måndag 20 juli 2009

Kuma, Wigley, Yamamoto and me

Not directed specifically to Tokyo but held in Tokyo was the IAES (International Architectural Education Summit) the last weekend assembled by Hitoshi Abe on the subject of how to educate the global architect. I was there on the second day that centered around the three main discussions including additional lectures and introductions by renowned architects and representatives for respected schools mainly from Japan, USA, Spain and France. India, China and Korea was also represented among others although quite few from Europe and both South America and Africa was absent.

The tree subjects for discussion was: 1. Teaching and practicing architecture in a globalized world by practicing architects with parallel research 2. Relations between local and global developments in architectural education with mainly academic researchers and school managers and 3. The future of architectural education with a mix of teachers, school representatives and active professionals. I will just list some of the interesting points that were lay out during the discussions as I remember them.

Hitoshi Abe brought up the existing gap between possibility and reality where the architects fragile visions of the future are torn to pieces in the attempts to realize them. Riken Yamamoto effectively illustrated the gap with an interesting project gone very far in the design-process that was suddenly rejected by the initiators to the benefit of a "ordinary" villa-style house that we all seem to recognize from before. Architecture is connected to history, existing social systems and the local culture and architects always must strive to overcome the will to reproduce past experiences he concluded.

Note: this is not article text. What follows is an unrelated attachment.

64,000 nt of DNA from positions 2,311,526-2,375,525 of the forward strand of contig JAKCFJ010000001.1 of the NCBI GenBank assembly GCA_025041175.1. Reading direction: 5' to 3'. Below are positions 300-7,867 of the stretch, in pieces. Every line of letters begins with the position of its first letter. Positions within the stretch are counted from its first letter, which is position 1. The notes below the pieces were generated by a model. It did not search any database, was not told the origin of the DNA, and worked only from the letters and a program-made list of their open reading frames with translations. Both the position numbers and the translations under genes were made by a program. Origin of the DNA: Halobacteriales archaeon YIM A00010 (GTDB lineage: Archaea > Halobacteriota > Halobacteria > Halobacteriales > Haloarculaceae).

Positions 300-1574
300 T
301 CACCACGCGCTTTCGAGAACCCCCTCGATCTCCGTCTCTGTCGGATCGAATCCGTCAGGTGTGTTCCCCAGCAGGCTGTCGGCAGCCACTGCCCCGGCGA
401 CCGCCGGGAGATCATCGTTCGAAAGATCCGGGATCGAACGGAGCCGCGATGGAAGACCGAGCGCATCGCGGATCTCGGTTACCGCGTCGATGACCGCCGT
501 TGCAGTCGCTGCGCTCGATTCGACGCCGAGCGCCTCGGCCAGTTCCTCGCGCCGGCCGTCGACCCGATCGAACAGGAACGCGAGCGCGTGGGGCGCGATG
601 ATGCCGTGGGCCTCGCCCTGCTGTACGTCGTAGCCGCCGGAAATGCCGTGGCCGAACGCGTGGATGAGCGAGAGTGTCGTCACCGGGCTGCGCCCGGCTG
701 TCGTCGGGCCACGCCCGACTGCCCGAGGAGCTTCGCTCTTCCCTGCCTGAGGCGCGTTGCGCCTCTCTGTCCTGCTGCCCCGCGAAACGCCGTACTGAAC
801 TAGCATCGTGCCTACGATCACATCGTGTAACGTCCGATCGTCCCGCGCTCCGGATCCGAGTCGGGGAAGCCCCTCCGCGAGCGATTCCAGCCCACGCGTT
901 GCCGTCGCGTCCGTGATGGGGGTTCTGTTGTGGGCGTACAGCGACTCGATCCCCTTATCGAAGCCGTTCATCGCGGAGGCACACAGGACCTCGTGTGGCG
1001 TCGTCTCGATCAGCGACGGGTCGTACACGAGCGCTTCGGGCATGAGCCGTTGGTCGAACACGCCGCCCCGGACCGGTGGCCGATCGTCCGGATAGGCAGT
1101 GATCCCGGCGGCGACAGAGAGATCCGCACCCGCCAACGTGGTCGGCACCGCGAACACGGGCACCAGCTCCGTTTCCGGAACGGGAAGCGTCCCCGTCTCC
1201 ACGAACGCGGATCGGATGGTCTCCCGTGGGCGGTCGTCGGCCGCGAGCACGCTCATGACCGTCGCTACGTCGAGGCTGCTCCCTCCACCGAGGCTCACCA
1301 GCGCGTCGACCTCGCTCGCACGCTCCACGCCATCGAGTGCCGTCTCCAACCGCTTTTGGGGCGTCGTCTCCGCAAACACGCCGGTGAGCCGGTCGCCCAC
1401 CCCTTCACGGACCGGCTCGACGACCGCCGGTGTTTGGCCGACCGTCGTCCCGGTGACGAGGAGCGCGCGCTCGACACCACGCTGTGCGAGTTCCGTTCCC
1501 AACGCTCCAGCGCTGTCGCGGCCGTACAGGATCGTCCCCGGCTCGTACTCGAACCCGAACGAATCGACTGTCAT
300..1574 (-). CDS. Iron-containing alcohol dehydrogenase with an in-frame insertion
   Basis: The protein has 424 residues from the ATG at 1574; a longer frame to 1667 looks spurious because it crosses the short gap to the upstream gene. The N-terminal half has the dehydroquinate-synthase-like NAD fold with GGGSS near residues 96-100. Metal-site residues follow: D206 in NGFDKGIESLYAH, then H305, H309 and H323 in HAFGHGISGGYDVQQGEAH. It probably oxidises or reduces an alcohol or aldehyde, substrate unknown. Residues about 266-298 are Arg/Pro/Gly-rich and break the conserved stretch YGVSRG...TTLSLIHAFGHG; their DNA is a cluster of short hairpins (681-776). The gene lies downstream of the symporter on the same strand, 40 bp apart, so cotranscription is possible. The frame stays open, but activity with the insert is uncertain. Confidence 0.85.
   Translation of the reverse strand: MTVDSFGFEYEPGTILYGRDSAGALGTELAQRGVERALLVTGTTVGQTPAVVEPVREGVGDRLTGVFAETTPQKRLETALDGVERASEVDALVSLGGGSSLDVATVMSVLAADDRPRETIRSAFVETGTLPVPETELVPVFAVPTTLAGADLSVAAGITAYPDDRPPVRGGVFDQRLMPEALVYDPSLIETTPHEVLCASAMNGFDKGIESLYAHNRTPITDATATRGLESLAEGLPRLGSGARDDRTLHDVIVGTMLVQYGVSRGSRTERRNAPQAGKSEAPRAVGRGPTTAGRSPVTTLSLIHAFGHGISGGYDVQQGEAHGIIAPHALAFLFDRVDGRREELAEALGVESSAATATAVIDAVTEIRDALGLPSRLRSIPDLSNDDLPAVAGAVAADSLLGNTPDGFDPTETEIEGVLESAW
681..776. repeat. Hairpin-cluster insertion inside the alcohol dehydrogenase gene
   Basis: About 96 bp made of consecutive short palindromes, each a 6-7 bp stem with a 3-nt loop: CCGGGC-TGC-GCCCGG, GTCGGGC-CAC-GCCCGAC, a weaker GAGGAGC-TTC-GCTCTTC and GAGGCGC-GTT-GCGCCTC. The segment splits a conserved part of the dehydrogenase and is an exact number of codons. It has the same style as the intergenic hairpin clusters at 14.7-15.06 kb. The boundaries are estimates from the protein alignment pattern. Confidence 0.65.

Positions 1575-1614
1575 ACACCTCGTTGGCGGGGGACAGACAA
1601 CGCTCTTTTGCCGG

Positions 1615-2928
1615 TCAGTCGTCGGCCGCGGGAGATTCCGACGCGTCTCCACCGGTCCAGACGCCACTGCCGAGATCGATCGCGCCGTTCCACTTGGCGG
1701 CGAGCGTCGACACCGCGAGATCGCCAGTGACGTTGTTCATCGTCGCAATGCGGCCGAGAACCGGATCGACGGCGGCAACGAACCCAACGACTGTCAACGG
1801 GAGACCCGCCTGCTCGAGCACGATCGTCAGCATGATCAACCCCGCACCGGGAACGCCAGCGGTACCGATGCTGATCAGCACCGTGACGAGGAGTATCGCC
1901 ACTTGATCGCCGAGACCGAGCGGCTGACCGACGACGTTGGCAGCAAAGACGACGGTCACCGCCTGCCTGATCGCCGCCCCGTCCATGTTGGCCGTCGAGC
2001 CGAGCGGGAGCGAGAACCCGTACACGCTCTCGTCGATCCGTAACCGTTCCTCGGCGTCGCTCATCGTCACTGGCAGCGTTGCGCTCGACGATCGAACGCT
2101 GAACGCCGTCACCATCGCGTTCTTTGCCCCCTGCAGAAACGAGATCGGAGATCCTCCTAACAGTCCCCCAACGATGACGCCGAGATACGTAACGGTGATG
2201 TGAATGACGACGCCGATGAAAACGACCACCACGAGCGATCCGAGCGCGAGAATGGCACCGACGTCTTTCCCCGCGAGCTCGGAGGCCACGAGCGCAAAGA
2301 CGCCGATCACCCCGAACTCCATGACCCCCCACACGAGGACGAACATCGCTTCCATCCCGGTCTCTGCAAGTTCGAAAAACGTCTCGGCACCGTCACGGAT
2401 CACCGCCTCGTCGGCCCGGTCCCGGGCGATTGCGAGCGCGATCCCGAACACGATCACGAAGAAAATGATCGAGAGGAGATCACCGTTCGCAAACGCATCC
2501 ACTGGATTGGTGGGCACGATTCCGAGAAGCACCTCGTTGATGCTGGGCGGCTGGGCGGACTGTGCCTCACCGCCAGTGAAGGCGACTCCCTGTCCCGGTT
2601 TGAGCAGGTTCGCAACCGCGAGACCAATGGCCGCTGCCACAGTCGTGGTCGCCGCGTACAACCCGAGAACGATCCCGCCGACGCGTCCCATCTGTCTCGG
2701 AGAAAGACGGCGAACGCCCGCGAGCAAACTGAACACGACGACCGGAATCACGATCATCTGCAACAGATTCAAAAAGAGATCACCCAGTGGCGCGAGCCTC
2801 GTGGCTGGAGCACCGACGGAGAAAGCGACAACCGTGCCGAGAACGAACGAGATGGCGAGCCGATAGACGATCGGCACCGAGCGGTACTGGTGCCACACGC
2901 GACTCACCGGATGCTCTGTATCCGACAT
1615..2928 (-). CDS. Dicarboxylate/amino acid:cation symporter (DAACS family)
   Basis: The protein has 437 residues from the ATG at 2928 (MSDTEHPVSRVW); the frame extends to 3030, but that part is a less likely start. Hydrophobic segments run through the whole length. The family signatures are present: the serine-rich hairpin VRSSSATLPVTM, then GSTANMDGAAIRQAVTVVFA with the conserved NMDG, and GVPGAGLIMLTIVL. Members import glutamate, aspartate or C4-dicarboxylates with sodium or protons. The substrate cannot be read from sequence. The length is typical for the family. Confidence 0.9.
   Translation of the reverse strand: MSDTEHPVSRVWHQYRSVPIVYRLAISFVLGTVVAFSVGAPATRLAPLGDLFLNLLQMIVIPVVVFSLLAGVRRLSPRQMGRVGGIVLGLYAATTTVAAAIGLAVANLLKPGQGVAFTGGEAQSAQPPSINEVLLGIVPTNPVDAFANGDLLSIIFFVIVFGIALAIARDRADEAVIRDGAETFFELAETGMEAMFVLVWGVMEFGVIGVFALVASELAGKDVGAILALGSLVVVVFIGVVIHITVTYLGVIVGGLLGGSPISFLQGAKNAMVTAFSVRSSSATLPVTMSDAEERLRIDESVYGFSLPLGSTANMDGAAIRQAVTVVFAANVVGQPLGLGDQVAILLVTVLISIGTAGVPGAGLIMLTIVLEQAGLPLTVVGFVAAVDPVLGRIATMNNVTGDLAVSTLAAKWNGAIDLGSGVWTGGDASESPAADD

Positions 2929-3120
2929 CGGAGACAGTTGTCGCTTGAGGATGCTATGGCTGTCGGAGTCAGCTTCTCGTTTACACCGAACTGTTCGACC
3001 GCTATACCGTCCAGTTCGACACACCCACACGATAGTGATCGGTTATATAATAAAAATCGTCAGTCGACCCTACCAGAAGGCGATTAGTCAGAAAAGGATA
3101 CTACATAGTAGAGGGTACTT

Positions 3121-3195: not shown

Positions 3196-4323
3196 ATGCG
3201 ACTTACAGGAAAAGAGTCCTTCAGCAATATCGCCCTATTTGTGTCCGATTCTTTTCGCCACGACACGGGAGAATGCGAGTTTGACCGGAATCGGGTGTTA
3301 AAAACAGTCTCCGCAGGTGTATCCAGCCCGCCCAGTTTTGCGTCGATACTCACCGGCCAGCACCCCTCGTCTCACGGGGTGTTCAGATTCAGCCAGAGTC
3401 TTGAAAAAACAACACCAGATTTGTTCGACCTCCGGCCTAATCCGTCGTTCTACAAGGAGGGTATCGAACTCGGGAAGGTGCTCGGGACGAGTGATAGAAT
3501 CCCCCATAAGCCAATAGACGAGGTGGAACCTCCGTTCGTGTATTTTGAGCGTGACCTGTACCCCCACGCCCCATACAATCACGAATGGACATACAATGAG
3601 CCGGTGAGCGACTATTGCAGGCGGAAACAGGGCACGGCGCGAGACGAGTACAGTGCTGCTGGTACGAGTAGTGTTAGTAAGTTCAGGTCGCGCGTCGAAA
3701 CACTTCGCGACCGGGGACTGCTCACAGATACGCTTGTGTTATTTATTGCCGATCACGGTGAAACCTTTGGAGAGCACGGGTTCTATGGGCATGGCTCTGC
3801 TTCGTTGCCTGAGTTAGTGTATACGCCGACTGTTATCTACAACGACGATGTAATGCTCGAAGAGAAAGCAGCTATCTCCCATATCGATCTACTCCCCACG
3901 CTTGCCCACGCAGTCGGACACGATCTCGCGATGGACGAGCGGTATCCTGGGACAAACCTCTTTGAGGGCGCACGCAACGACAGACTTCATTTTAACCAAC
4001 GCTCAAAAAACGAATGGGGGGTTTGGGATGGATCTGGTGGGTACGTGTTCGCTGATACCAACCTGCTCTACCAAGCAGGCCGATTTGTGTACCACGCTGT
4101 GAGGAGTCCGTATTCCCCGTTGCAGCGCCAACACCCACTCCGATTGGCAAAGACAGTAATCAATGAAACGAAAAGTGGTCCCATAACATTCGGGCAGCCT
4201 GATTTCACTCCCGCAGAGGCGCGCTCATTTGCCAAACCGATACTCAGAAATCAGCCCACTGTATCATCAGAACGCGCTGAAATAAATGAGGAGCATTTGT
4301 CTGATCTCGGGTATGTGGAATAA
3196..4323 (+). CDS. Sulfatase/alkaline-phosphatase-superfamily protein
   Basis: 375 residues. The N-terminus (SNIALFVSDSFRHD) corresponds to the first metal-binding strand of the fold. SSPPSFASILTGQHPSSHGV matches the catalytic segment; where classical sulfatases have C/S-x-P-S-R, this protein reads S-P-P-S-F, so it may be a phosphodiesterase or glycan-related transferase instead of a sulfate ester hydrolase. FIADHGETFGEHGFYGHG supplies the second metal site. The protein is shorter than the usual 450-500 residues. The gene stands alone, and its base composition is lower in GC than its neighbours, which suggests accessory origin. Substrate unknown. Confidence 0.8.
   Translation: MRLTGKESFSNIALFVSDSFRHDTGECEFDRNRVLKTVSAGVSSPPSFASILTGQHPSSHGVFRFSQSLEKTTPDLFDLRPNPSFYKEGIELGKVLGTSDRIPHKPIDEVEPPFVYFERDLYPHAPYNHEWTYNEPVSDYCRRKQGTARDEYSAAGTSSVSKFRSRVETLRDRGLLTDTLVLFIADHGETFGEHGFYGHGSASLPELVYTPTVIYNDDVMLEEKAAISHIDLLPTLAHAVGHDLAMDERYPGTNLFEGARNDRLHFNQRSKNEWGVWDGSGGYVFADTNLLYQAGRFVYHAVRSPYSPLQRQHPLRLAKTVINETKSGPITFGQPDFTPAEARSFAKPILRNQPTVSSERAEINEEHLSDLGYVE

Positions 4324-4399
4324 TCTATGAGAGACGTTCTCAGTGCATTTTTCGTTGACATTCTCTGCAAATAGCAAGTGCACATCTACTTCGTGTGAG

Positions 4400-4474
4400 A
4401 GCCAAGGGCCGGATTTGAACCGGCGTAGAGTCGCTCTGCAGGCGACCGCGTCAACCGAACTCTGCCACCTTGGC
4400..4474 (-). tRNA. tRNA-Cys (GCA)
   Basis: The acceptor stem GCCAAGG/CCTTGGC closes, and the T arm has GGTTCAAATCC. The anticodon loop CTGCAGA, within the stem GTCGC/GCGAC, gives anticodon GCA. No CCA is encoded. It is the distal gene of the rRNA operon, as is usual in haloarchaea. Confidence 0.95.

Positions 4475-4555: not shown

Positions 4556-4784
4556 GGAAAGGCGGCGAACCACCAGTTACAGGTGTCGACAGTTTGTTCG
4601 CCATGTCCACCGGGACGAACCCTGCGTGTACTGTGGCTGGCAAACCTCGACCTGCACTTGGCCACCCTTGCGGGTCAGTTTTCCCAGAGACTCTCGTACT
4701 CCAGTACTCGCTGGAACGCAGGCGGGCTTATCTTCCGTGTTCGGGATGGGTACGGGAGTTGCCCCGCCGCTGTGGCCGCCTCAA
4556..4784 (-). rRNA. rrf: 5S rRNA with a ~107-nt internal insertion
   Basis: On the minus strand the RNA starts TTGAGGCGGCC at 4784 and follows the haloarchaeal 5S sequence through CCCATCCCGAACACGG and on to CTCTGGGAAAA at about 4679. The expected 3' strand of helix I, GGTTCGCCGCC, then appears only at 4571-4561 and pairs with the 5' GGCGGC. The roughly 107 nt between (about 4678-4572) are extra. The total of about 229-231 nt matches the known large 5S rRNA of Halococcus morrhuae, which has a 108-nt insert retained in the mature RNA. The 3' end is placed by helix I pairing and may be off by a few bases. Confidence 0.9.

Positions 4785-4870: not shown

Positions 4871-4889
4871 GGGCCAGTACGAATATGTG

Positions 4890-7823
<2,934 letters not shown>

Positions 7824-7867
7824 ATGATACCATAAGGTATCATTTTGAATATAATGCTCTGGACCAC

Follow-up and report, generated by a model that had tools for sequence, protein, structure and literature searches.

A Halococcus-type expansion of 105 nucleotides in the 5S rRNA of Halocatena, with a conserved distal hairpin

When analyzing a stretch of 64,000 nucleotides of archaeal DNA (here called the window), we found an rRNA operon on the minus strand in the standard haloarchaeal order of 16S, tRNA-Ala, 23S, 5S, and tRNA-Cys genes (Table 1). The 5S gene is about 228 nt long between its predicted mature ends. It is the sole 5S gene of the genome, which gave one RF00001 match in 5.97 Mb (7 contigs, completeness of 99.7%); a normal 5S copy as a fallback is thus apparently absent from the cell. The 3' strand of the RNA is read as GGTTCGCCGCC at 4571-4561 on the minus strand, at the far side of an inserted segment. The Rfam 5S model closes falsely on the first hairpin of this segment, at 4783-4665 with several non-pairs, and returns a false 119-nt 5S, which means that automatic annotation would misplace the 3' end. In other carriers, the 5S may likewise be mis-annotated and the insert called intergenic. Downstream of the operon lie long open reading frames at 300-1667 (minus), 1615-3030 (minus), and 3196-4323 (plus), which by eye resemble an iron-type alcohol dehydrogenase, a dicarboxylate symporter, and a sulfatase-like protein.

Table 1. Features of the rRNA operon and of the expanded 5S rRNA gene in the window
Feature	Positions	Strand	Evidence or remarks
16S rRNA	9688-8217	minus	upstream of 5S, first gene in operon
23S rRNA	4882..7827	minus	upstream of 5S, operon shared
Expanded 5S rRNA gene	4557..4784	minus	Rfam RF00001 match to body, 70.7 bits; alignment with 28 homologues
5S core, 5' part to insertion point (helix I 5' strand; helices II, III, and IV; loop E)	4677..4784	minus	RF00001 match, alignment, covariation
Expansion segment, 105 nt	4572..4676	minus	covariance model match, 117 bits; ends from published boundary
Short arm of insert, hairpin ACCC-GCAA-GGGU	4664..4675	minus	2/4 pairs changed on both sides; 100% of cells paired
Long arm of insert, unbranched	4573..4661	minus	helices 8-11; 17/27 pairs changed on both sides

Mark Wigley pointed out three important skills that a student should learn: "Absorb a high density of diverse information (preferrably not architecture-related) in order to combine it", "Mobility - the skill to be a tourist in one's own city", "Fragility/Sensitivity - to give the possibility of viewing our world differently"

The last talk had three topics to think about presented by Prof. Onoda (Tohoku University): "Strategies against Abstractions", "How do we reduce the gap?" and "How do we preserve local diversity in the globalized world?". Kengo Kuma stated that we need to go beyond the abstract to the materialized, by making ideas real we can make people see their qualities and reduce the gap. "The universities should produce knowledge firsthand, not people" said Alexandro Sacha Poro who made several bold statements. "The two ruling schools of education are the Polytechnic and the Liberal Arts and within the last decade our focus has been on the latter" and "The studio is the wrong way if we want to go deep into a subject"

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